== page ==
Security is a guiding principle for DCDR, and protecting user data has been baked in from the start. However, there’s more to data security than restricting access and managing user permissions. I’ve used the INFOSEC abbreviation CIA — confidentiality, integrity, and availability — as a guide to help determine the steps required to protect your data while also ensuring that the system does what it’s supposed to. Overall, the intent is to ensure:
Googling ‘what is a risk manager?’ will get you variations on ‘it’s the person who manages that organization’s risks,’ which is a pretty weak answer. It’s certainly not enough to help anyone who’s just starting in the role to understand what they’re supposed to do. Similarly, if someone’s thinking about this as a career, we need a bit more.
So here’s a more detailed answer.
‘A risk manager is a person who helps an organization achieve success by understanding, managing and responding to its risks.’
That’s a lot better, but I want to go deeper and see what that means…
How can you spot the point where a risk — a thing that could occur — becomes an event that is occurring? I’d argue that you don’t need to identify the specific point of change, and you’ll waste valuable time trying to spot the exact moment of transition. Most importantly, if you wait to see the transition point, your response will be on the back-foot from the get-go.
Phase transition is the point where a gas turns into a liquid or a liquid to a solid: it’s the point where the state of matter changes. …
I looked back at some of my degree notes the other day and came across something I’ve been meaning to work on for a long time. (By long time, I mean about 10 years*.)
It’s based on two concepts. First, the work that Brian Toft, Simon Reynolds and Barry Turner did with respect to how disasters evolve and how we can learn from them. The second concerned how to differentiate between emergencies and crises. Bringing these concepts together gives us a model or framework for how risks become events and how these events can become disasters.
There might be bigger…
I realized a while back that it can be too easy to mistake ‘simple’ with ‘easy’ and I’ve been concerned that promoting a simple approach to risk management might lead people to think that this makes everything easy. Unfortunately, even though a KISS approach makes risk management easier, it doesn’t do away with the need for hard work altogether. Worst of all, it can be easy to mistake shortcuts for simplification.
I made the same mistake myself recently with my running.
I’m hoping to tackle a longer race this fall (although to be honest this seems less and less likely…
As risk managers, we spend a lot of time working out how to get things done.
After all, the risk assessment is just the start of the process. Once you’ve identified your risks and worked out how to address them, you need to get down to work: then the actual management part begins.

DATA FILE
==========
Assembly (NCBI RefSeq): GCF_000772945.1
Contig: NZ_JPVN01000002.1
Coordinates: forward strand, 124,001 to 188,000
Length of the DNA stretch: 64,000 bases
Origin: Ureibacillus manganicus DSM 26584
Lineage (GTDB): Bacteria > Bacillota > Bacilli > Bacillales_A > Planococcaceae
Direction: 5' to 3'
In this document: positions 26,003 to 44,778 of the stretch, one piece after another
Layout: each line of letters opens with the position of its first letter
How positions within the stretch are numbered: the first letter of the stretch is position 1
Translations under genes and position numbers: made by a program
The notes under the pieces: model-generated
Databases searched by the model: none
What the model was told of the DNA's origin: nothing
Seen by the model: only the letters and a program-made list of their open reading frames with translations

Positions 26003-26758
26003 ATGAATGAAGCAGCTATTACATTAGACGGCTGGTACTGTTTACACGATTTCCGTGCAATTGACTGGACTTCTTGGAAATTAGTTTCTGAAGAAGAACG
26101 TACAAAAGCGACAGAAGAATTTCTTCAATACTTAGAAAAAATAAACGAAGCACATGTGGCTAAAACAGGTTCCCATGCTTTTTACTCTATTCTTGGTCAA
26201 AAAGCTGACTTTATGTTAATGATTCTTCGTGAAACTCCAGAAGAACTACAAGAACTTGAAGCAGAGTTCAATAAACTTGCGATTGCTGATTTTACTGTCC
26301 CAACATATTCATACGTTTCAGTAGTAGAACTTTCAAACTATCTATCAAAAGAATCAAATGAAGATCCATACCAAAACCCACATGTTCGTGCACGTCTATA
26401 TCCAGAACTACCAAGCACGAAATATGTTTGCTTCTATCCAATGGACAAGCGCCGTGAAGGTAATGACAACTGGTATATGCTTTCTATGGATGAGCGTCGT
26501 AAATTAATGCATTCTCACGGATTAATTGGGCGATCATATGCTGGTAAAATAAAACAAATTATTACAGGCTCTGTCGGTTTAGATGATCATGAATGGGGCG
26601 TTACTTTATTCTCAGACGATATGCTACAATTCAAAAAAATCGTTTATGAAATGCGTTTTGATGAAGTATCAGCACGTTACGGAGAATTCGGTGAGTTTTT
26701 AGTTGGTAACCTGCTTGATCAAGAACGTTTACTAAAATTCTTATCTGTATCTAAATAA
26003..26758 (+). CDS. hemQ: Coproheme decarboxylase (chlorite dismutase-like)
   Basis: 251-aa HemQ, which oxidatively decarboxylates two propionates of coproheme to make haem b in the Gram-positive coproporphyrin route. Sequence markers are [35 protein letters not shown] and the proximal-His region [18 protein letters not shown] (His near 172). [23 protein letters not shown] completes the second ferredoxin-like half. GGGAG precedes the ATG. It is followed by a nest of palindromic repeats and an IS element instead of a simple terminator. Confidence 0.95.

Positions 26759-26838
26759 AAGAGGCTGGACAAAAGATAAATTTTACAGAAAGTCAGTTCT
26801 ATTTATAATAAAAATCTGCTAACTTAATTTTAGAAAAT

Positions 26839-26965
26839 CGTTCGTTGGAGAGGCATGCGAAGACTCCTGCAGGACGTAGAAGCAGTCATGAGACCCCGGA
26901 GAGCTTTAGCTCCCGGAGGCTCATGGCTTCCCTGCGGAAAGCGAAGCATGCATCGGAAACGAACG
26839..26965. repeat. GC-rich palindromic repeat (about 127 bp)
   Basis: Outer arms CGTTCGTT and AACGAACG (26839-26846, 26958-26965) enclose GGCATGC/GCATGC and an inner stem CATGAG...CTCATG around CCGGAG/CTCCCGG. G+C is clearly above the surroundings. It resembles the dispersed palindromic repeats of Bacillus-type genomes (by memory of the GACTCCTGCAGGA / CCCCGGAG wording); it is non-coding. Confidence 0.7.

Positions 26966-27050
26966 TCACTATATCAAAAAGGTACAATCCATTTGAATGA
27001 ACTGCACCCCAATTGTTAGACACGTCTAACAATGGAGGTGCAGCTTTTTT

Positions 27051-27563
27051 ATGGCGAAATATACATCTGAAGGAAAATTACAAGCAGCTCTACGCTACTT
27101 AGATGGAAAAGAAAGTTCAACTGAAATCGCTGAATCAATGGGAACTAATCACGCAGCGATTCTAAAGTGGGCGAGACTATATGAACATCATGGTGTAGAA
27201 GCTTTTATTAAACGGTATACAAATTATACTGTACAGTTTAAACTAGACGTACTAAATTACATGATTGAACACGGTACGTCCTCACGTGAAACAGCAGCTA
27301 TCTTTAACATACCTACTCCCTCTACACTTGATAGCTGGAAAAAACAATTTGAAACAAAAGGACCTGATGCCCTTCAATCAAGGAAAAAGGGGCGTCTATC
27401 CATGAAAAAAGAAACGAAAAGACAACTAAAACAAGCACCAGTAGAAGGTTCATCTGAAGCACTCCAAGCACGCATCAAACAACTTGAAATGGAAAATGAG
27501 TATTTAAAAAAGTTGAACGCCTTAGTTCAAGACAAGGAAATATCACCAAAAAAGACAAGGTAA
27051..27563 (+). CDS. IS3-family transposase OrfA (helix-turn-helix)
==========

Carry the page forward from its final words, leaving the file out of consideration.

Determining ownership for many risks will be relatively straightforward and departments will often fight very hard to maintain ownership of risks that fall within their remit.
(This is why we also need good governance. Even though the subject matter experts (SMEs) are often best placed to manage…
Many people have a few smoke alarms dotted around their house and, to me, these are some of the most straightforward set-it-and-forget-it risk management tools you can get. You set these up and then…nothing. You can forget about them until that annoying ‘chirp’ sound wakes you up one night, telling you to change the battery.
And most people will never hear their smoke alarm go off except for those times that their cooking gets a little out of hand.
However, if there were a fire, they’d know about it immediately and be able to react.
If it’s a small fire…
I’m sure you’ve heard people referring to COVID-19 as a ‘Black Swan’ — something that no-one could have seen coming — but is that actually the case?
Terrible though it is, I don’t think it’s accurate to describe the current situation as a Black Swan because we’ve had to deal with highly contagious, deadly diseases before.
Calling this a ‘Black Swan’ is, therefore, a way to excuse a confused response: ‘how could we have prepared for something that no-one could see coming?’
However, genuine Black Swan events do exist and we need to understand these because the consequences can be…
A while back, I wrote something on the need to speak up, even when it’s hard. That’s something we face as risk managers, but it’s also a necessity in other parts of our lives.
I’ve also written about how there are risks that are so big and uncomfortable that they’re left in the corner: we pretend not to see them.
I even wrote a whole piece on Jim Barksdales’ rule about snakes: “The first rule of snakes is, if you see a snake…Just take care of it”. …
I was thinking a while back about the idea of informed intuition: cases when you seem to be trusting your intuition but, in fact, you’re recalling deeper experiences and patterns that help with your risk-based decision-making. As I was building upon this idea, it became clear that I wasn’t onto any thing new but, instead, this has been explained in the work of, among others, Gary Klein and the RPD model.
I was a little bummed out that I wasn’t breaking new ground but the plus side, this is a real phenomenon that’s worth exploring because it helps you understand…